Date Archives August 7, 2016

[String] concat() vs. +

Screen Shot 2016-08-07 at 4.44.23 PM

concat() and + both add up strings. It looks same, but + do one more step. As seen below, + will create string builder and append the strings inside, and then it will give the string. So, concat() is less expensive.

/*      Using + sign      */
String myStr = "str";
myStr += "end";

// Same as above
String myStr = "str";
myStr = new StringBuilder().append(myStr).append("end").toString();

 

/*      Using concat()     */
String myStr = "str";
myStr = myStr.concat("end");

 

DHCP

Definition & steps

DHCP stands for Dynamic Host Configuration Protocol. When DHCP assigns an IP address, it actually leases that connection identifier to the user’s computer for a specific amount of time. The default lease is five days.

Pros

  • Because there is certain lease duration, if not using after the duration, they will automatically collect it after the lease. So, it can be used for other computer.
  • Because you don’t need to set the IP one by one, if you move to other office and connect to the that network, it will automatically assign an IP for you.

Screen Shot 2016-08-07 at 12.36.24 PM

How DHCP works

  • Discover: client computer sends a broadcast request looking for a DHCP server to answer.
  • Router directs the DISCOVER packet to the correct DHCP server.
  • The server receives the DISCOVER packet. Based on availability and usage policies set on the server, the server determines an appropriate address (if any) to give to the client.
  • Offer: The server then temporarily reserves that address for the client and sends back to the client an OFFER packet, with that address information.
  • Request: Letting the server know that it intends to use the address.
  • ACK: Confirming that the client has a been given a lease on the address for a server-specified period of time.

 

 

Error & Exception

Error & Exception

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Error is thrown by JVM in a scenario which is fatal and there is no way for the application program to recover from that error.

  • Unchecked type: Errors happen at run time. They will not be known to compiler
  • Cannot recover
  • eg. java.lang.StackOverflowError, java.lang.OutOfMemoryError

Exception is an event that disrupts the normal flow of the program. It is an object which is thrown at runtime.

  • Unchecked & Checked type: checked exceptions are known to compiler where as unchecked exceptions are not known to compiler because they occur at run time.
  • Can recover from exceptions by handling then through try-catch blocks.

 

Types of exceptions

  • Checked Exception: The classes that extend Throwable class except RuntimeException and Error are known as checked exceptions. Checked Exceptions are checked at compile-time.
    • e.g.IOException, SQLException etc.
  • Unchecked Exception: Unchecked exceptions are not checked at compile-time rather they are checked at runtime.
    • e.g. ArithmeticException, NullPointerException, ArrayIndexOutOfBoundsException etc.

 

Unchecked Exception scenarios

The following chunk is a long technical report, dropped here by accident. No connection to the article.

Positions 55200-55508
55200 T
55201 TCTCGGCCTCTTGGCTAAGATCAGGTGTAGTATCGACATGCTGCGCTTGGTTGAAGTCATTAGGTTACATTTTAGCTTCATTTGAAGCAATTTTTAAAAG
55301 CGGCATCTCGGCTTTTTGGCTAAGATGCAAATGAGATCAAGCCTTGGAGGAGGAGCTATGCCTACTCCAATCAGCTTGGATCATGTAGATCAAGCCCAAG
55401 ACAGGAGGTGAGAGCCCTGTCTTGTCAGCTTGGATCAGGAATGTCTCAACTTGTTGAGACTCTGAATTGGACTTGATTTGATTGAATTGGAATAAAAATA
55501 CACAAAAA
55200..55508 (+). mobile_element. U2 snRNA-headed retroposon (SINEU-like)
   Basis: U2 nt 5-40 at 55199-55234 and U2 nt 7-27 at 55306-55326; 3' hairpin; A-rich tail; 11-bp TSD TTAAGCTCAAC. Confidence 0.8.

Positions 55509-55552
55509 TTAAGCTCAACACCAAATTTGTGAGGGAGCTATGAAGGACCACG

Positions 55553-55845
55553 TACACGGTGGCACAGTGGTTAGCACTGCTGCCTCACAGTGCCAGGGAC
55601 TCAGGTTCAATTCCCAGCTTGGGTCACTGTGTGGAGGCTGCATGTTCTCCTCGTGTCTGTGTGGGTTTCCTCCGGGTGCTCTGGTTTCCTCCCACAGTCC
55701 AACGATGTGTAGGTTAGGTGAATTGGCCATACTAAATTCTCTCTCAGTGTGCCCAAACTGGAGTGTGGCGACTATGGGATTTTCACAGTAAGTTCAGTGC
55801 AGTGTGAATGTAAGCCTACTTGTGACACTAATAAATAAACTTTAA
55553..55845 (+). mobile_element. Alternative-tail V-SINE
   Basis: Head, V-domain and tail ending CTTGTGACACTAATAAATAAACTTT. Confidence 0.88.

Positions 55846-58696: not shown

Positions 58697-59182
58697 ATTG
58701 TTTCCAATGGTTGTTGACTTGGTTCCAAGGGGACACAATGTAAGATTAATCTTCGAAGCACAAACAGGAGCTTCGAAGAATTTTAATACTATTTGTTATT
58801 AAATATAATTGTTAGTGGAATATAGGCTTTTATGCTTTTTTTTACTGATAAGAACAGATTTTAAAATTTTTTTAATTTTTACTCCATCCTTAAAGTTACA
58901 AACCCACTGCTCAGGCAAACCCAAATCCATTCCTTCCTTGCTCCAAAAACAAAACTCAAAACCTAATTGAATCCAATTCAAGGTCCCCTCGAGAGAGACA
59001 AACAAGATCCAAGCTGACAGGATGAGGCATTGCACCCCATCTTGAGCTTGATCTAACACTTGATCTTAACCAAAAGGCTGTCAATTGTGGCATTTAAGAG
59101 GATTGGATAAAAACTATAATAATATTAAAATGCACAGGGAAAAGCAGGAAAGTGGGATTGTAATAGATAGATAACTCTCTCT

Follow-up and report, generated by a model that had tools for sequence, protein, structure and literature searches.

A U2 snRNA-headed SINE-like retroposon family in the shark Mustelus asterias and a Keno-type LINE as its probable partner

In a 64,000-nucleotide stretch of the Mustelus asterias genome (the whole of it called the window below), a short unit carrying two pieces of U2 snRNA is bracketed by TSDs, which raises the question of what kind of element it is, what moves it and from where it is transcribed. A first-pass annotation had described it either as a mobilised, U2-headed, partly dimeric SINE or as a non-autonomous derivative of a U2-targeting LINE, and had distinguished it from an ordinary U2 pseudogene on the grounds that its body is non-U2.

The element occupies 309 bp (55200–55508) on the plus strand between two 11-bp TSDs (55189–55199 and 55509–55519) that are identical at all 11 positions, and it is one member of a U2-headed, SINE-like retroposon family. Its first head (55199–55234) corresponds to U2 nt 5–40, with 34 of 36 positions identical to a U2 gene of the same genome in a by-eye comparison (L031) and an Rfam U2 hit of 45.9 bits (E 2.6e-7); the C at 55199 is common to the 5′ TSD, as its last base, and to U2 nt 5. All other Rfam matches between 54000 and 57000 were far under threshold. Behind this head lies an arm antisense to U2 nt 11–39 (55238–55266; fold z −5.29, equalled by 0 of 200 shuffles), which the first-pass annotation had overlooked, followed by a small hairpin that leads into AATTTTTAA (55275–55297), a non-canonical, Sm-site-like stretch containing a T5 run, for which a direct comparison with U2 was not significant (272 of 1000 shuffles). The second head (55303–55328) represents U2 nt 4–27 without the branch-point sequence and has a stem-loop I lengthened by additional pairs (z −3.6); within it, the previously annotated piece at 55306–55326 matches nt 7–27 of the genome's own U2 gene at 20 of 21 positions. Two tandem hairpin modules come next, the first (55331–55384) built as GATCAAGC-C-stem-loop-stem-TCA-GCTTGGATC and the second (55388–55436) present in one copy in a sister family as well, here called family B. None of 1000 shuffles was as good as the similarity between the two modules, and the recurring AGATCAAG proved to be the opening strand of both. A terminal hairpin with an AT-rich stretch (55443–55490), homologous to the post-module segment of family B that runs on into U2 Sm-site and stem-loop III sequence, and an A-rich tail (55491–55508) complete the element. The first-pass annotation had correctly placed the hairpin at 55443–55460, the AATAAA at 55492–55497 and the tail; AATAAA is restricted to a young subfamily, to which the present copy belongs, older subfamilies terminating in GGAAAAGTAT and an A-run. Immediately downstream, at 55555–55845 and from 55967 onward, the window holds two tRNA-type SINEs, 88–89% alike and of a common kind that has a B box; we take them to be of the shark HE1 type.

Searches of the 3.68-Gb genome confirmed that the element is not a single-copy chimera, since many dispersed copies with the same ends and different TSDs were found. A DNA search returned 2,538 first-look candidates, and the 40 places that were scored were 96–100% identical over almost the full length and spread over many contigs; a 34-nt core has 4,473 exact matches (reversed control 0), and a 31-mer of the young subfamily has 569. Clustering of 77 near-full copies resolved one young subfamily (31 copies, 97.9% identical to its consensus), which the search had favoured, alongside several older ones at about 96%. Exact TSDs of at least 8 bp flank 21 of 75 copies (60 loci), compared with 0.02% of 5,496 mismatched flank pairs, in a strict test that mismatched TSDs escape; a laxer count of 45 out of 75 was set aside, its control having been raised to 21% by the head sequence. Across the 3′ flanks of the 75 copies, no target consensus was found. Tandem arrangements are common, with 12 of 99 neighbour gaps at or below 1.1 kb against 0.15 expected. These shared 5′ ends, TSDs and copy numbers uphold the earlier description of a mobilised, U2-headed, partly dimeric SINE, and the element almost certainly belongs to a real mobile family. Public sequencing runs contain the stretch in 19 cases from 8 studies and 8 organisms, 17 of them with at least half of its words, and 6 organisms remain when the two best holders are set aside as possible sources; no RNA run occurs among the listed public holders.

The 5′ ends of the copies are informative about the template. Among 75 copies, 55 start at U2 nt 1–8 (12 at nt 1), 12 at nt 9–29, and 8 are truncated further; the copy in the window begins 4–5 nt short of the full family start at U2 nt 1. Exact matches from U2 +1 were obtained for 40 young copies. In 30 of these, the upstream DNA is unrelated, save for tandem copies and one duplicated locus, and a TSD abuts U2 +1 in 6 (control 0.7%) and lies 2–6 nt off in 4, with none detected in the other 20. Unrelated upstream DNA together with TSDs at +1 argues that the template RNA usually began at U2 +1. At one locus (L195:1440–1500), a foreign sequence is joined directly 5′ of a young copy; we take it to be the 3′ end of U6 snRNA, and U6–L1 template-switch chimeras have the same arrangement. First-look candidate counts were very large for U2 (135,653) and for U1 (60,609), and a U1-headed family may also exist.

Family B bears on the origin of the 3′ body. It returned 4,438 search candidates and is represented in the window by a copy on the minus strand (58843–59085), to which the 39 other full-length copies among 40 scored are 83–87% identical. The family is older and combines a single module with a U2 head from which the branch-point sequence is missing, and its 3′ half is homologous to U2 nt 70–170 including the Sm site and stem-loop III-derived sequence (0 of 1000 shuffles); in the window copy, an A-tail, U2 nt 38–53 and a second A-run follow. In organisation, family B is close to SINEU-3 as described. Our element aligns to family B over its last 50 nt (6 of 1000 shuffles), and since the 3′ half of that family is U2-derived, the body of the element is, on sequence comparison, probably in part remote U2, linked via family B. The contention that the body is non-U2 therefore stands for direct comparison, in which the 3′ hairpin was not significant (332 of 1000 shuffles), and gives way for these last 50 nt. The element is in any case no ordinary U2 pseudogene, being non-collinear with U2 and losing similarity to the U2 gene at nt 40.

• ArithmeticException: If we divide any number by zero, there occurs an ArithmeticException.
int a = 50/0;

 

  • NullPointerException: If we have null value in any variable, performing any operation by the variable occurs an NullPointerException.
String s = null;
System.out.println(s.length());

 

  • NumberFormatException: The wrong formatting of any value, may occur NumberFormatException. Suppose I have a string variable that have characters, converting this variable into digit will occur NumberFormatException.
String s = "abc";
int i = Integer.parseInt(s);

 

  • ArrayIndexOutOfBoundsException: If you are inserting any value in the wrong index, it would result ArrayIndexOutOfBoundsException as shown below.

int a[] = new int[5];

a[10] = 50;

 

Handling checked exceptions

Due to compilation error, checked exceptions need to be handled by programmer. There are two ways to handle these exceptions.

  • Throw when declaring method
  • Try, catch, and finally inside the method

 

Throw when declaring method: Toss the exception handling to user when using the method.

public void connect() throws MyException{
   // try ~ catch ~ finally will not be used
}

 

Try, catch, and finally inside the method: Handling exception inside the method

public void connect(){

   try{
      // Do work here
      System.out.println(10/0);
   } catch (MyException e){
      // Catch lower Exception first
   } catch (Exception e){
      // Highest Exception at the end

      // There are three ways to see the excetption
      e.printStackTrace();
      System.out.println(e.toString());
      System.out.println(e.getMessage());
   } finally {
      // Code on here will be always printed
   }

}
  • e.printStackTrace(): Name of the Exception, Message of the Exception, Stack trace
    • On example code above:
java.lang.ArithmeticException: /by Zero
   at main()
  • e.toString(): Name of the Exception, Message of the Exception
    • On example code above:
java.lang.ArithmeticException: /by zero
  • e.getMessage(): Message of the Exception
    • On example code above:
/by zero

Creating your own Exception

Extends Exception classe: you can make the most suitable exception for your program.

public class MyException extends Exception{
   public Myexception(String msg){
      super(msg);
   }
}